Pregnant trauma patients are a rare patient group (8, 26). It is therefore considered unlikely that a marked change in competence is correlated with two months of experience from practice. It is more likely that the lecture on pregnant trauma patients has contributed to their knowledge. The improvement in course participants’ competence is due to the fact that they have learned how to receive and treat this patient group.
Massive haemorrhage is greatest challenge
Haemorrhages account for 40 per cent of trauma-related deaths, and the most challenging surgical situations in trauma treatment are caused by massive haemorrhages (27, 28). Patients in haemorrhagic shock are critically ill and require immediate blood transfusion and surgical intervention (29).
On the Course in Trauma Nursing, the guidelines on massive transfusion protocol are discussed in the lecture on shock treatment. The participants’ increase in self-perceived change in relation to the question ‘Initiating measures to stop blood loss in accordance with the massive haemorrhage protocol’ may be the result of newly acquired knowledge from the theoretical lecture.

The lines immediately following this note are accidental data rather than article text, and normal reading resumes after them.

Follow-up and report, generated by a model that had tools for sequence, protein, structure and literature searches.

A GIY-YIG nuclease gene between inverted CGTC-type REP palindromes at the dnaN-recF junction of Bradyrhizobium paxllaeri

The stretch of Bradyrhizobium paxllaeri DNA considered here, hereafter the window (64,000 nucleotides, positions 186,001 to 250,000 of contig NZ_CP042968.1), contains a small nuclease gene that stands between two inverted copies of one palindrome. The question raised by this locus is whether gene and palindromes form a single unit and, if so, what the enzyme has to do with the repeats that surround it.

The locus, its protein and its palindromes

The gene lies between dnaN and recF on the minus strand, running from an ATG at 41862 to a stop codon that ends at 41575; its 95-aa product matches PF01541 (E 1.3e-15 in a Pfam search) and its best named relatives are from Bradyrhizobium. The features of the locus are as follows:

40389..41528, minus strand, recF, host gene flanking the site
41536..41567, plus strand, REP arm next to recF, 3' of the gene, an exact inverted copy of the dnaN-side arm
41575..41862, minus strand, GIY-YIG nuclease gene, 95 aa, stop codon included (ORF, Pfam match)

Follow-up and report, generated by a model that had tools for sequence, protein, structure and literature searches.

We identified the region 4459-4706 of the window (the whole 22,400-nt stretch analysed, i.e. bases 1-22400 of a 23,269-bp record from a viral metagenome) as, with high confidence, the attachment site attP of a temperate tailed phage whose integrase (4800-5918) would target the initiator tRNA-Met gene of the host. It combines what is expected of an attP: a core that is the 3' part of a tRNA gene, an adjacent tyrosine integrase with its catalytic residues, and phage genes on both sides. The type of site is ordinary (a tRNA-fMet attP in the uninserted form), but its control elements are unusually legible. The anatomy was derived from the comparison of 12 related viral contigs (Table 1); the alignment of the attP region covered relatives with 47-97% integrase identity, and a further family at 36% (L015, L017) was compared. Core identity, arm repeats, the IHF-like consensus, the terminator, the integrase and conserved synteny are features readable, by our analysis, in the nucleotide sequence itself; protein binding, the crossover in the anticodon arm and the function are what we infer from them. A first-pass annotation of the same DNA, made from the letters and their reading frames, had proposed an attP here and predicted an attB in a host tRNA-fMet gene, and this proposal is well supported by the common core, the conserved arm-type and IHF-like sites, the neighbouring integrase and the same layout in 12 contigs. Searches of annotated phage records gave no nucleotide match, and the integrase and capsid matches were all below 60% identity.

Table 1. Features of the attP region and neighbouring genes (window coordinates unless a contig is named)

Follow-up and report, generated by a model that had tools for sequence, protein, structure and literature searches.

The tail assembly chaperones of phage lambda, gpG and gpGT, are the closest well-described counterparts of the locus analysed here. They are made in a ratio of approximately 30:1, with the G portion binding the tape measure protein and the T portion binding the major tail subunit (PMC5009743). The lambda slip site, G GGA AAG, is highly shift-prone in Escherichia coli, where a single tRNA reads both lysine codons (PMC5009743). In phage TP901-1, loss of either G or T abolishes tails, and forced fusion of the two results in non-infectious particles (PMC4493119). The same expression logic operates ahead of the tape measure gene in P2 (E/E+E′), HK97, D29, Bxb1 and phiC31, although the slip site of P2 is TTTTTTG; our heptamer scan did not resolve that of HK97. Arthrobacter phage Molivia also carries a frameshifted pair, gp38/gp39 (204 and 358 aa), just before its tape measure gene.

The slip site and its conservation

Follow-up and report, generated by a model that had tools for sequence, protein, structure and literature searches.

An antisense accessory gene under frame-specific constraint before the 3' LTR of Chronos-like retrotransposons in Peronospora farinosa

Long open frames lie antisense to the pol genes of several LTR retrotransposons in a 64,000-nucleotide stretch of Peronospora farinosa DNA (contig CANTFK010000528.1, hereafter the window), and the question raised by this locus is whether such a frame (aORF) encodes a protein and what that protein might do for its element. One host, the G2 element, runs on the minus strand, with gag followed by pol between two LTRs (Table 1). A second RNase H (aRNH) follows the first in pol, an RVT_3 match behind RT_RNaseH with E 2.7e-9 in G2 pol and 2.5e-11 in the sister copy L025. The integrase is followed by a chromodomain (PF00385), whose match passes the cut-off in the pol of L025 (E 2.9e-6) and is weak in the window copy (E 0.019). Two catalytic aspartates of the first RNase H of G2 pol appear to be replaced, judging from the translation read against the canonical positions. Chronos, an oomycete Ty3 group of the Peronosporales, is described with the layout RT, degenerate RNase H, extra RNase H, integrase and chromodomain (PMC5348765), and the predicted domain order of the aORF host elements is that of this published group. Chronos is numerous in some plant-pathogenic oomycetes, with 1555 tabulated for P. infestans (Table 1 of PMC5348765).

Positive change in competence
The questions about medical competence focused specifically on the theoretical lectures in the Course in Trauma Nursing. Teamwork competence and choice and improvisation competence are not covered so specifically in theoretical lectures. Nevertheless, the results show a positive change of competence for both areas of competence.
Teamwork competence entails the team members’ ability to perform their duties in a flexible manner, among other things. The reception and treatment of trauma patients can be challenging and resource-intensive because many parallel actions take place simultaneously.
This requires every person in the trauma team to carry out their specific duties satisfactorily. At the same time, knowledge about their own duties and the duties of others is a contributing factor in functional teamwork (30).